High-quality social science research shows that marriage is associated with a number of health benefits. Studies indicate a strong link between marriage and mental health, in particular depressive symptoms. Marriage can both affect and be affected by psychological well-being, through, for example, greater emotional and social support as well as personal connection.
Alternatively, it may be that less-depressed individuals are more likely to marry and remain married. Thus, to discern the true effect of marriage on mental health, research must account for the possibility of a “selection effect.” One method that addresses this selection problem analyzes data collected on the same people over an extended period of time—i.e., longitudinal data. This type of research compares changes in metal health over time of married and unmarried individuals or measures changes in psychological well-being before and after marriage or divorce.
Reviewing a number of such rigorous studies, the Department of Health and Human Services (HHS) concludes:
The current research suggests that marriage—particularly transitions into and out of marriage—affects depressive symptoms for both men and women. In particular, marital entry decreases depressive symptoms, while marital dissolution increases them. Studies suggest that increases in depressive symptoms after divorce are long-lasting and that the prevalence of these symptoms remains elevated years after the marital breakup. In addition, studies that compared the mental health of stably married adults to those who are stably unmarried find that those who remain stably married have fewer depressive symptoms (and smaller increases in these symptoms over time) than do similar adults who remain stably unmarried—even after controlling baseline mental health.
In regard to the selection effect, HHS finds:
Studies based on national data find little evidence that those with fewer depressive symptoms are more likely to marry, suggesting that studies comparing the depressive symptoms of the stably married to the stably unmarried should produce reasonable estimates of the effect of marriage on depressive symptoms.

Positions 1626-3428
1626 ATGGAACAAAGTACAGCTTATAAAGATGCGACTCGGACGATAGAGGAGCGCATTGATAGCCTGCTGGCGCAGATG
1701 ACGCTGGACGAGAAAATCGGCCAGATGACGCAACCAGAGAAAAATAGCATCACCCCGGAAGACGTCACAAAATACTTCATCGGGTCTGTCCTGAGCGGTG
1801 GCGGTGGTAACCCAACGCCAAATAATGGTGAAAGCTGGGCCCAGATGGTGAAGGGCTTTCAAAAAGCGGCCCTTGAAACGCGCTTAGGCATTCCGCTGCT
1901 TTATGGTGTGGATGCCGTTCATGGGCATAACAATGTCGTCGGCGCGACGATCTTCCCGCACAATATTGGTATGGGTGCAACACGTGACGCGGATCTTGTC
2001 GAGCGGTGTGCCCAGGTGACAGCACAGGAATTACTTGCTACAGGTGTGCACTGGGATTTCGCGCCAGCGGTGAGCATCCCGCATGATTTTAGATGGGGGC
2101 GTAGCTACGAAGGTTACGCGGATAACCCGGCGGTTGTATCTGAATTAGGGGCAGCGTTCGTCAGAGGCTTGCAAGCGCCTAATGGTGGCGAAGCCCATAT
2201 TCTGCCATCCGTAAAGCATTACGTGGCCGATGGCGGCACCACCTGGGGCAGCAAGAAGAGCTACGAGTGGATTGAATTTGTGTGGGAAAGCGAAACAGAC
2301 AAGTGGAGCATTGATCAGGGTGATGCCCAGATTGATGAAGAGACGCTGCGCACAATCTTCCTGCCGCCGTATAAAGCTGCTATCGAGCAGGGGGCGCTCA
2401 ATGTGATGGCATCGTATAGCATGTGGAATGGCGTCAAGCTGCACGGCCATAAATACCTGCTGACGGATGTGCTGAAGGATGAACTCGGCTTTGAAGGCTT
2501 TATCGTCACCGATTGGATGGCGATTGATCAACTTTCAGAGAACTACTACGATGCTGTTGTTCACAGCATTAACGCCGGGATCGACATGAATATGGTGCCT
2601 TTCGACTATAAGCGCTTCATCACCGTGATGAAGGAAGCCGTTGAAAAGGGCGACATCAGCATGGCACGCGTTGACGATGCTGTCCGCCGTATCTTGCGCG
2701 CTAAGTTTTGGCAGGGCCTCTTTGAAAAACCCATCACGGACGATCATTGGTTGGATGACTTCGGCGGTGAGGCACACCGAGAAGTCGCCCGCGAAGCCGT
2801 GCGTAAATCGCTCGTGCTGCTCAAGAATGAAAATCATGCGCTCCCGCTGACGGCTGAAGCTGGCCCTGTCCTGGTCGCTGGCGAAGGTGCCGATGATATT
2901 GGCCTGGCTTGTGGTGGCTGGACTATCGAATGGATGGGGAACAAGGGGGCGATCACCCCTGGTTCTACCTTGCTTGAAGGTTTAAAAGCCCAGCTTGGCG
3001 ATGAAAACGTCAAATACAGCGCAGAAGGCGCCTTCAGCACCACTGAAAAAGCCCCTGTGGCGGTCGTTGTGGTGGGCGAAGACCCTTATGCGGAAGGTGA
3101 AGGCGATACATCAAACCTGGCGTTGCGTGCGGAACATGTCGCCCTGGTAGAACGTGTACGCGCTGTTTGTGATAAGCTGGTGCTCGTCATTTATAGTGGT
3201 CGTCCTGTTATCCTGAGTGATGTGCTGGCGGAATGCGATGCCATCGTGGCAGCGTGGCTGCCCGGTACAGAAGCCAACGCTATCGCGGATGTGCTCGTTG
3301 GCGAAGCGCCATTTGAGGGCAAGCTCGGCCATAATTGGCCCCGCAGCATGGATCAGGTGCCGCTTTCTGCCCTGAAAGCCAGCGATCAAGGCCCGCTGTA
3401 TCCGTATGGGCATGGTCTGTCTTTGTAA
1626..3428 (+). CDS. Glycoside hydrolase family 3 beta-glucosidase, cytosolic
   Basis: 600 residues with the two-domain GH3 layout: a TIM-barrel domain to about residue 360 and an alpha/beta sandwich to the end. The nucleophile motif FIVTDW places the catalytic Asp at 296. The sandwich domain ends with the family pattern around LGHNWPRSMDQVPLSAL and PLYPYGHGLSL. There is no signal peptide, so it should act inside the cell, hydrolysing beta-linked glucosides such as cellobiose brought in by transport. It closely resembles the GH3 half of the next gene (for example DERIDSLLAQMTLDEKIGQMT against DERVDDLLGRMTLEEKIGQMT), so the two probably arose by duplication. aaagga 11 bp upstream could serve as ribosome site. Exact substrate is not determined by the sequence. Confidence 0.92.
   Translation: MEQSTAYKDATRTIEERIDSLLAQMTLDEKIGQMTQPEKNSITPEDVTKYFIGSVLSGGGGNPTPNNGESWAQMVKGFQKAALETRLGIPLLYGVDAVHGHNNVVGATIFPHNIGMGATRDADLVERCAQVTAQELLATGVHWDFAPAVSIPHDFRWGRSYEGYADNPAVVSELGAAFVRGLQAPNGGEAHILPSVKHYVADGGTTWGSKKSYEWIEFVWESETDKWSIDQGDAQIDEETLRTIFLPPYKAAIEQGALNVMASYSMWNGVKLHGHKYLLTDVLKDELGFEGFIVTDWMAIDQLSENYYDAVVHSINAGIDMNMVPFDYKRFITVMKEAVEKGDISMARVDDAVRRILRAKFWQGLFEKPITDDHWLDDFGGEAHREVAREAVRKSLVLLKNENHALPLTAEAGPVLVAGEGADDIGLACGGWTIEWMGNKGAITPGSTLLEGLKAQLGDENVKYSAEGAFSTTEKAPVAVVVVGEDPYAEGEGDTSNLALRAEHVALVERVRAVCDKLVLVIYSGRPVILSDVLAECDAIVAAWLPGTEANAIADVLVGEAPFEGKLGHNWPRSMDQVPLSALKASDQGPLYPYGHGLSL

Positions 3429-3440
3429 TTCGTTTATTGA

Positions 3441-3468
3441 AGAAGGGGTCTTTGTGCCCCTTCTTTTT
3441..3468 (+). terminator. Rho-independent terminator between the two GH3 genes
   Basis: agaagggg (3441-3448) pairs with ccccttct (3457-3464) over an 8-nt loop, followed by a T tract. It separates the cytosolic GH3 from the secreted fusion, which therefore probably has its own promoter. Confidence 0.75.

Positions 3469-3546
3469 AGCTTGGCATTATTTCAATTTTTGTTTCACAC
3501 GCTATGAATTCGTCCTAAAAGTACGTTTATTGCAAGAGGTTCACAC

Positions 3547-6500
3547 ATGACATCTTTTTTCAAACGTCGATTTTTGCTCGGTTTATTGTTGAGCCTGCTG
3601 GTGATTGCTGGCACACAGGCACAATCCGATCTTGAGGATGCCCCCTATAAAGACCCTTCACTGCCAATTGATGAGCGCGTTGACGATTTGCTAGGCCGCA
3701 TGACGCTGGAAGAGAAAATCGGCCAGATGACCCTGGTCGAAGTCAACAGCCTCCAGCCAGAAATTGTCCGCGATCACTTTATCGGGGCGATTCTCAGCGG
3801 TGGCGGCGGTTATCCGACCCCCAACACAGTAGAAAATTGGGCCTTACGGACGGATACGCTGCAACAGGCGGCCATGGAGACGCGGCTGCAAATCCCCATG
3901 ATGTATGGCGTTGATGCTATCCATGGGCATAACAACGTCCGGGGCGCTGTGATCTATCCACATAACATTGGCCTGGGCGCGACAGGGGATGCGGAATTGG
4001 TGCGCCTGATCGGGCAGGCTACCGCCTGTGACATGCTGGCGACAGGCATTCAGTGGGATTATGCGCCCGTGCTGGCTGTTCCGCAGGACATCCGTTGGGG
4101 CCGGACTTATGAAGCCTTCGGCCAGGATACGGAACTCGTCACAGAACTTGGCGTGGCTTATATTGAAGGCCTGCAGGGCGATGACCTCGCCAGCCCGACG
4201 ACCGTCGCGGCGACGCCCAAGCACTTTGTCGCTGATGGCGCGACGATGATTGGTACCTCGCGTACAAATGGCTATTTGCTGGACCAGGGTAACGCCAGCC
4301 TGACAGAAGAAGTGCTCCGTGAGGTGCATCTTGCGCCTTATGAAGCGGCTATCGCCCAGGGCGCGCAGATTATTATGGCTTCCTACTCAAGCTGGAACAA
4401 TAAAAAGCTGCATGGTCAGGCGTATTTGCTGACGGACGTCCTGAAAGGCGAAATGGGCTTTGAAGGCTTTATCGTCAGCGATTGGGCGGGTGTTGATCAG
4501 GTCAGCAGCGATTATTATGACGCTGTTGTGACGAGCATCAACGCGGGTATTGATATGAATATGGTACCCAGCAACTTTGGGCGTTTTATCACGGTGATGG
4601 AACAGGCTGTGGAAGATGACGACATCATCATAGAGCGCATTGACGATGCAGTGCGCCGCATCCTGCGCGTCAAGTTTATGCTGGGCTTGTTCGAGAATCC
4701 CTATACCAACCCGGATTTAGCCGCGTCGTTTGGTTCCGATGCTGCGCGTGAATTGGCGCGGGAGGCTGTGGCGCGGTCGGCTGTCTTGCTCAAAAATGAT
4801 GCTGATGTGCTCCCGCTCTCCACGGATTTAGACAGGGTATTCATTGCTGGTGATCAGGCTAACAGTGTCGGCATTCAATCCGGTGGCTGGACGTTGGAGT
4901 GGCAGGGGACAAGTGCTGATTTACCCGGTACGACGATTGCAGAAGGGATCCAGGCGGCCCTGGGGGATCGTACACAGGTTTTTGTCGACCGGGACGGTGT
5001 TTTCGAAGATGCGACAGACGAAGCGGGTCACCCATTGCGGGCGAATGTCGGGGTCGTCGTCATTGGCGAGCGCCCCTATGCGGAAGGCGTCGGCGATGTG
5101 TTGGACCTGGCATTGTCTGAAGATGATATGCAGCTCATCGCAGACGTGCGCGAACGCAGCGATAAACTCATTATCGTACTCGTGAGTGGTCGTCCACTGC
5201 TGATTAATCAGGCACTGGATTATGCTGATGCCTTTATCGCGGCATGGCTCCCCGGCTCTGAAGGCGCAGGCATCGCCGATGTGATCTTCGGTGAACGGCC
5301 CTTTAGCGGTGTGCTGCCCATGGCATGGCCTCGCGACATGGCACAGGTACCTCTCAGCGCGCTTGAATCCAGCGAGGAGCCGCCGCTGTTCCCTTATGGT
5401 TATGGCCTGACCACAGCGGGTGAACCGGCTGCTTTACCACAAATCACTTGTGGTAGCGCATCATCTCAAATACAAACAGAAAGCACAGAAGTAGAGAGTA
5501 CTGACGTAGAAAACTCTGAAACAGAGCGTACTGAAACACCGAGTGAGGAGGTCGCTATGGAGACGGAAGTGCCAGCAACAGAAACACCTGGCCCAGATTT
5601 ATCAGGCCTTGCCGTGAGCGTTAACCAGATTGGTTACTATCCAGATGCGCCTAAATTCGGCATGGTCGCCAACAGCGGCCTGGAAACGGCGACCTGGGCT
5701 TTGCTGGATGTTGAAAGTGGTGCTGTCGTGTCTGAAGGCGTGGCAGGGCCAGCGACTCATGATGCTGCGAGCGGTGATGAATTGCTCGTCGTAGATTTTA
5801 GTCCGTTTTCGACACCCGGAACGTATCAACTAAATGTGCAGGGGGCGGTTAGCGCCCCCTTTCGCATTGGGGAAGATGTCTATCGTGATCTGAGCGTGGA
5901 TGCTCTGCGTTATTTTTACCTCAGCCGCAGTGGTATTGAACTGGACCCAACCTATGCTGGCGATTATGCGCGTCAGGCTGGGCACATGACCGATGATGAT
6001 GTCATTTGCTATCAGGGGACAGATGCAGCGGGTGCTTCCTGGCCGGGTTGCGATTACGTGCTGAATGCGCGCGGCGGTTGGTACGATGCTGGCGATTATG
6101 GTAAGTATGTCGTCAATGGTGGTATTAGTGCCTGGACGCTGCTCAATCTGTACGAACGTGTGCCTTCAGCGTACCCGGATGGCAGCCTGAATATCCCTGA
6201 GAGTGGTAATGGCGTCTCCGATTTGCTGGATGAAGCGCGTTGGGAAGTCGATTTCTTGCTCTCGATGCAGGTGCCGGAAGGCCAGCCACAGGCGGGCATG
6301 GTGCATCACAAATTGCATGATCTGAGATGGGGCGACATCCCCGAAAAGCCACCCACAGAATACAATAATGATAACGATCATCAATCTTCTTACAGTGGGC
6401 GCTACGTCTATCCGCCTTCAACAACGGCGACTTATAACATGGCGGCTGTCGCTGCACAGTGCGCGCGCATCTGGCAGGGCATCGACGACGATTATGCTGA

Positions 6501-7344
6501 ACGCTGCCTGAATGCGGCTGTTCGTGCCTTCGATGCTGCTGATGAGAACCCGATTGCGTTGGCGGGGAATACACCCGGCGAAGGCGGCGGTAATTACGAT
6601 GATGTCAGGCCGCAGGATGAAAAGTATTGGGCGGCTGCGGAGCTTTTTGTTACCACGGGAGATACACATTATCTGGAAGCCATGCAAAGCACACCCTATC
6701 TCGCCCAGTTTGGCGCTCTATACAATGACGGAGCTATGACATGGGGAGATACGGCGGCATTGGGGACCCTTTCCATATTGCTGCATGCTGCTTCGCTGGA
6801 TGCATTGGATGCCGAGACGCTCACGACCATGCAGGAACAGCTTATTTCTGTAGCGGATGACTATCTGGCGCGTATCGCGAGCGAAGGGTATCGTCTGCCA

National trends show that women in general are more likely to experience psychological distress than men. Moreover, according to a team of family scholars led by Professor Brad Wilcox of the University of Virginia, research on the mental health of mothers—all the more important because it affects the well-being of children as well—suggests that “not only are single mothers more likely to be depressed, the consequences of maternal depression for child well-being are greater in single-parent families, probably because single parents have less support and because children in disrupted families have less access to their (nondepressed) other parent.”
For example, the team of scholars cites one study that found that, one year after the births of their children, 29 percent of single mothers who were no longer romantically involved with the fathers reported at least one mental problem, compared to 24 percent of those who were still romantically involved but not living with the fathers, 23 percent of those who were cohabiting but not married, and 16 percent of married mothers. Even when the study accounted for the mothers’ background differences, the mental health disparities remained.
In 2012, as policymakers work to promote Americans’ health, they ought to consider the compelling research evidence on how marriage benefits individuals’ psychological well-being.